Basketball star Andrew Wiggins on getting vaccinated: 'Not something I wanted to do, but kind of forced to'

    Andrew Wiggins dribbles during the game against the Minnesota Timberwolves on January 27, 2021.

    (CNN)Golden State Warriors forward Andrew Wiggins has said he felt like he had no choice but to get the Covid-19 vaccine.

    Wiggins told NBC Sports in March he wasn't getting vaccinated unless he was forced to. He applied for a religious exemption, but the NBA denied that request in September.
    However, Warriors head coach Steve Kerr confirmed on Sunday that Wiggins had received the vaccine. And speaking for the first time since getting vaccinated, the Canadian basketball player said he felt like he had to do so to be able to play for his team.
      "I feel like the only options [were] to get vaccinated or not play in the NBA," Wiggins said after the Warriors' 121-107 preseason opener win at the Portland Trail Blazers on Monday night.
        "It was a tough decision. Hopefully, it works out in the long run and in 10 years I'm still healthy."
        In September, the NBA warned the Warriors along with the New York Knicks and Brooklyn Nets that new Covid-19 policies set by local governments will prohibit any unvaccinated player from playing in home games in New York City and San Francisco.
        And though 95% of the league is vaccinated, according to the NBA, there are still a few holdouts -- and it could cost them.
        The NBA announced in September that unvaccinated players who do not comply with local vaccination mandates will not be paid for the games they miss.
        "It feels good to play, but getting vaccinated, that's going to be something that stays in my mind for a long time," he said. "It's not something I wanted to do, but kind of forced to."
        The NBA pointed out that it was local San Francisco mandate requiring players to be vaccinated in order to play games in indoor stadiums in the city.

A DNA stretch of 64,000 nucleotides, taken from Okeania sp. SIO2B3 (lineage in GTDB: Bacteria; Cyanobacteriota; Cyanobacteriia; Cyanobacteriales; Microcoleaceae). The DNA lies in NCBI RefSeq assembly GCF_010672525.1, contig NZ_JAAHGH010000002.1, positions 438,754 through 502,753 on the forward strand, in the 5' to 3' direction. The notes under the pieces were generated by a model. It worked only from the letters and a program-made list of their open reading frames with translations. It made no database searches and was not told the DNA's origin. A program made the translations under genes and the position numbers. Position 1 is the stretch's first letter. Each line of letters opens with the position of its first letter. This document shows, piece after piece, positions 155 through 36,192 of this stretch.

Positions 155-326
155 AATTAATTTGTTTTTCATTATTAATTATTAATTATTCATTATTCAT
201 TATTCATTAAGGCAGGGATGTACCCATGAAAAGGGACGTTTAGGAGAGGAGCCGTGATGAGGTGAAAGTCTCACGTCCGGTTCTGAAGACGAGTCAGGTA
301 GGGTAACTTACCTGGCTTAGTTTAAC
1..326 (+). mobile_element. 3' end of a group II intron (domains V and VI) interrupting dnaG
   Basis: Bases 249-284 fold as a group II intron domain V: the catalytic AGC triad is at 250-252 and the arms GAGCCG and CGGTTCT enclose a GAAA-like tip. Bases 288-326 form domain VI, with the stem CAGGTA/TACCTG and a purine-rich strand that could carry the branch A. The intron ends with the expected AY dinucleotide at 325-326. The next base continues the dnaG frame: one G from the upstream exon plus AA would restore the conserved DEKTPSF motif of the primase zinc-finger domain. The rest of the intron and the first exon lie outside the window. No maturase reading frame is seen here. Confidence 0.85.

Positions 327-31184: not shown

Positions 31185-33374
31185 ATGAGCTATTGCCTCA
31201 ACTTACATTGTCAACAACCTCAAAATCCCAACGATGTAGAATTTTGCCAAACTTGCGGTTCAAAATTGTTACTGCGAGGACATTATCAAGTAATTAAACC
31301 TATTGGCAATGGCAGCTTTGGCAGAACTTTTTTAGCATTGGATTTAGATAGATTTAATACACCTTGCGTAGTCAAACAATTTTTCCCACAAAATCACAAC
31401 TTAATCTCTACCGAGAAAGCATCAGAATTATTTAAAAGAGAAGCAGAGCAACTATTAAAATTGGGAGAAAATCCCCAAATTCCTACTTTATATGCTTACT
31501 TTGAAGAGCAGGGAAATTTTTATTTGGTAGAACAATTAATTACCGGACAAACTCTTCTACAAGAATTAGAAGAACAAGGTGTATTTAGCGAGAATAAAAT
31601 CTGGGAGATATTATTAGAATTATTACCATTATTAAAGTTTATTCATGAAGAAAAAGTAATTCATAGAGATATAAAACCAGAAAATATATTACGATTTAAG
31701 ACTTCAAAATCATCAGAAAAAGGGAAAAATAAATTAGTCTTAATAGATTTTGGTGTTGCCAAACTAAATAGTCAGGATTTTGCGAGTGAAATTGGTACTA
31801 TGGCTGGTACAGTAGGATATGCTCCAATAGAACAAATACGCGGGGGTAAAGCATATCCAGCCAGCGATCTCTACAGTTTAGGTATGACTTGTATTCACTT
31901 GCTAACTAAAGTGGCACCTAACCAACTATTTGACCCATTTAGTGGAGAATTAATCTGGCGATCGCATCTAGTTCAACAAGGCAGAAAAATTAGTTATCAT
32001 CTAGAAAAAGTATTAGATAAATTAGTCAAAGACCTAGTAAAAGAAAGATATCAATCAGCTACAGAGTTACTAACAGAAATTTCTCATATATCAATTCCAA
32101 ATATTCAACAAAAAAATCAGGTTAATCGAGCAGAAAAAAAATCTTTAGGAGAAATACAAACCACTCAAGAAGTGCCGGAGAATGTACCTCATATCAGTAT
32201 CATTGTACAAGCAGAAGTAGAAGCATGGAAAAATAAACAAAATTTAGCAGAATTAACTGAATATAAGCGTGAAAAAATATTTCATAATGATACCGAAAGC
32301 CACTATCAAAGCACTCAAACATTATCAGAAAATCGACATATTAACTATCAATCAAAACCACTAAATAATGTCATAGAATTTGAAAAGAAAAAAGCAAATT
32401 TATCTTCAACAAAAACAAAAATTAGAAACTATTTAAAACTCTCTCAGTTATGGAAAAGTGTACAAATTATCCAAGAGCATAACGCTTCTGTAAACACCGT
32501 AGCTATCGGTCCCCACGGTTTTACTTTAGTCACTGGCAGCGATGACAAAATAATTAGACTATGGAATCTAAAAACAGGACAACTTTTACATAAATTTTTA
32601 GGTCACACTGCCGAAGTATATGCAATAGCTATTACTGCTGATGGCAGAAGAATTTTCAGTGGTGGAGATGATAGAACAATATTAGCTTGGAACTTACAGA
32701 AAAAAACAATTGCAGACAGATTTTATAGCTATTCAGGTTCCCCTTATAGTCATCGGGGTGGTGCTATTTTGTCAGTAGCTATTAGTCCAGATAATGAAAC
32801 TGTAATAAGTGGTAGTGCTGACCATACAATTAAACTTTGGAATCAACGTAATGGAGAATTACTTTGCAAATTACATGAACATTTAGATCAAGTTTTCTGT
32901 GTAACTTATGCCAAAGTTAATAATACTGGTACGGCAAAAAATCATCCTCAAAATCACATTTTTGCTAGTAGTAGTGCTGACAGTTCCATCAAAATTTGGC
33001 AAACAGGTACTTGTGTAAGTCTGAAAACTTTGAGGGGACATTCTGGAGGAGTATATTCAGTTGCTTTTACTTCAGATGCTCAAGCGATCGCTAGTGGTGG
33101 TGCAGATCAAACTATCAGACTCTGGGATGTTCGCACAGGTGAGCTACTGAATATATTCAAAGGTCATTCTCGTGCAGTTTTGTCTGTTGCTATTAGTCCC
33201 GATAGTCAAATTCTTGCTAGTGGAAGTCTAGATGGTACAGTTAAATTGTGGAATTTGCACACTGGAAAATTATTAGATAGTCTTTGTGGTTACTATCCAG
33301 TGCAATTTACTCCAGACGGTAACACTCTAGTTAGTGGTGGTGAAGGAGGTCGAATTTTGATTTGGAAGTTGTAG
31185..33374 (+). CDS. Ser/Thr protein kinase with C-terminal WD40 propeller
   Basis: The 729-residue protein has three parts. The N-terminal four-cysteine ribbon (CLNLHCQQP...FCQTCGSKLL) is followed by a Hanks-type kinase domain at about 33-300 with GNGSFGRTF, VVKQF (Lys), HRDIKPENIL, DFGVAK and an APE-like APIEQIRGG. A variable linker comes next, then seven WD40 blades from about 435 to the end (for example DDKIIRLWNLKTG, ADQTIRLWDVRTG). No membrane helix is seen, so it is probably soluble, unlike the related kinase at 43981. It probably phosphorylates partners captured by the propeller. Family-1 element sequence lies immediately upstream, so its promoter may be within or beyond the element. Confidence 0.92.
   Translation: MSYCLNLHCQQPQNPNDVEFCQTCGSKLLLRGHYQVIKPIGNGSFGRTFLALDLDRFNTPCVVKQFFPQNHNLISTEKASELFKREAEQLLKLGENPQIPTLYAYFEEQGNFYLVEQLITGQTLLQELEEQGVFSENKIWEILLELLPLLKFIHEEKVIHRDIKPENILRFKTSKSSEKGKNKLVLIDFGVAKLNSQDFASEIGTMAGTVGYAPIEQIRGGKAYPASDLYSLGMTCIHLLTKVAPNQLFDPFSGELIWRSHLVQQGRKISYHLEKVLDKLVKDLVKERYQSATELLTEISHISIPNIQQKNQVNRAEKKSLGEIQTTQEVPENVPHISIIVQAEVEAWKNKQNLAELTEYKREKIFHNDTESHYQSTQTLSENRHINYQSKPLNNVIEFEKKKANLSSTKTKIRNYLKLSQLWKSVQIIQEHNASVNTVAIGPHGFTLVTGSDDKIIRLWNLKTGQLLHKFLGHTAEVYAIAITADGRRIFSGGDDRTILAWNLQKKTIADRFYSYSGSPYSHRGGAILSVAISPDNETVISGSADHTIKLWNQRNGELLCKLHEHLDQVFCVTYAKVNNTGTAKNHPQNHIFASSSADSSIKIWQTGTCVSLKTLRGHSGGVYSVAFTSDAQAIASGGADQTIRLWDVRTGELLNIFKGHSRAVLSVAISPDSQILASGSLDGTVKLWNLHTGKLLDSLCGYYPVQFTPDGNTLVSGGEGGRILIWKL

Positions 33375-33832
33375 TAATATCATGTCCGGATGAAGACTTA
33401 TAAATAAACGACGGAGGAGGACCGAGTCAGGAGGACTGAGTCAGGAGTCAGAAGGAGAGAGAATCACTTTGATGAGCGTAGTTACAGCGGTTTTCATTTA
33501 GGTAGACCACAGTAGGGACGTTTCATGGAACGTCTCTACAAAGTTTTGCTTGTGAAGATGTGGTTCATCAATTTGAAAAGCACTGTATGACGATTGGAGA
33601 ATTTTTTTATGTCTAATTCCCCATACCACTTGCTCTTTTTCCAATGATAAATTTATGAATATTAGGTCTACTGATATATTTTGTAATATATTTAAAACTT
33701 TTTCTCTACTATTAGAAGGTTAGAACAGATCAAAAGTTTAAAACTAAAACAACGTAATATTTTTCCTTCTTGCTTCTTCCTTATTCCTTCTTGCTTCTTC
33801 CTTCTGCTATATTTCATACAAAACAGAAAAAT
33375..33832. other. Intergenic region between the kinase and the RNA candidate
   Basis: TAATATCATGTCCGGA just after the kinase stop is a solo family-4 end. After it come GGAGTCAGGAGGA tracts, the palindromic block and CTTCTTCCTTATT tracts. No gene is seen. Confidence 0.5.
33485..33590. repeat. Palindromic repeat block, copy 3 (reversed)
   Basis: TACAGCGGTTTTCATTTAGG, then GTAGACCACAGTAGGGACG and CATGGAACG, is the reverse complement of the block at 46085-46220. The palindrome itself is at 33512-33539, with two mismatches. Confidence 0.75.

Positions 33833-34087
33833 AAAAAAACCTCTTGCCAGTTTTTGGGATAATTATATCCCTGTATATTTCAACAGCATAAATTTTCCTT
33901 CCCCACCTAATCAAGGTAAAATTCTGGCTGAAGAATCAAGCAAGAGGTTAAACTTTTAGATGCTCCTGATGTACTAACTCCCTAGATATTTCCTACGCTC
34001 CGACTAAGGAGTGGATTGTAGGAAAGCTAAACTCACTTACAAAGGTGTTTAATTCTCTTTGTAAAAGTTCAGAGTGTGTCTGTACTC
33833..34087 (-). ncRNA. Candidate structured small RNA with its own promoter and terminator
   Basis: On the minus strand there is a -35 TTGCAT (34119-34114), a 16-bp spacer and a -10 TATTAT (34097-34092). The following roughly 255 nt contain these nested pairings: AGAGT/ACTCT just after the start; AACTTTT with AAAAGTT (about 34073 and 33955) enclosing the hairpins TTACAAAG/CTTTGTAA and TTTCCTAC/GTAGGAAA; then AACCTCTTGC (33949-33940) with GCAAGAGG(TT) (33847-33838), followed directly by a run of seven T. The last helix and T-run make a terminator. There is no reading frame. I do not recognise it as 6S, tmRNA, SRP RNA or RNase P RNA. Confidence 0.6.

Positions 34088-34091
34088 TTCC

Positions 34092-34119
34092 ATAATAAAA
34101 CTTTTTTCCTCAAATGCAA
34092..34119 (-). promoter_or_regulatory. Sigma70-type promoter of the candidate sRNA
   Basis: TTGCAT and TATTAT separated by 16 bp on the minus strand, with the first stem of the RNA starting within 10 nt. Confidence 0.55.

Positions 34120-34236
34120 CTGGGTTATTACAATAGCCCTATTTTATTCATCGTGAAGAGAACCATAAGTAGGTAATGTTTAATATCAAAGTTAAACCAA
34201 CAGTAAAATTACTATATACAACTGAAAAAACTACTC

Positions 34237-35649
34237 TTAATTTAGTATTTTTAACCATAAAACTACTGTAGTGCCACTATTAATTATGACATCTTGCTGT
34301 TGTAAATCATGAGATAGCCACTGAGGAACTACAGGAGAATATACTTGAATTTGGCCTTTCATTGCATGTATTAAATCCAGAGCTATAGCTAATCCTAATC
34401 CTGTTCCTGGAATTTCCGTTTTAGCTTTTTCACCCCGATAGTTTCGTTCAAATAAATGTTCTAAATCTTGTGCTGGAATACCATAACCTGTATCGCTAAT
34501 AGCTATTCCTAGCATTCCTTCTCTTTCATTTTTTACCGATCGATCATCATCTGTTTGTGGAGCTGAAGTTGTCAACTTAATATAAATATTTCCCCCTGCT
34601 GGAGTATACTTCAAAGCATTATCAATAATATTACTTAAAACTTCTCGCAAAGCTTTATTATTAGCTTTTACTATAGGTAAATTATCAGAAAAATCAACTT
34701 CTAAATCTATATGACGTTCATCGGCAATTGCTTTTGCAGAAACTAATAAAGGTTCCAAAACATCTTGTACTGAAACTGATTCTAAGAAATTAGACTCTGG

Wiggins handles the ball against Brandon Clarke of the Memphis Grizzlies during the second half of their game at FedExForum.
        Wiggins, who received the one-dose Johnson & Johnson shot, said he doesn't hold anything against the team.
        "They didn't make the rule. But I guess to do certain stuff, to work, I guess you don't own your body. That's what it comes down to. If you want to work in society today, then I guess they made the rules of what goes in your body and what you do. Hopefully, there's a lot of people out there that are stronger than me and keep fighting, stand for what they believe, and hopefully, it works out for them."
        Last week at Warriors' media day, when asked about his stance on vaccinations, the 26-year-old said he was going to "keep fighting for what I believe and for what I believe is right ... What's right to one person isn't right to the other and vice versa."
        Wiggins also said that no one in his family is vaccinated.
        "It's not really something we believe in as a family," he said. "They know that I had to. It came down to get the vaccination or don't play basketball. I'm 26. I have two kids. I want more kids. I'm trying to do something that will generate as much money as I can for my kids and my future kids, trying to make generational wealth. So, I took the gamble, took the risk, and hopefully, like I said, I'm good."
        If NBA players are not vaccinated, they shouldn't be on the team, basketball Hall of Famer Kareem Abdul-Jabbar told Rolling Stone.
        "The NBA should insist that all players and staff are vaccinated or remove them from the team," said Abdul-Jabbar.
          "There is no room for players who are willing to risk the health and lives of their teammates, the staff and the fans simply because they are unable to grasp the seriousness of the situation or do the necessary research."
          Golden State next preseason game is at home against the Denver Nuggets on Wednesday.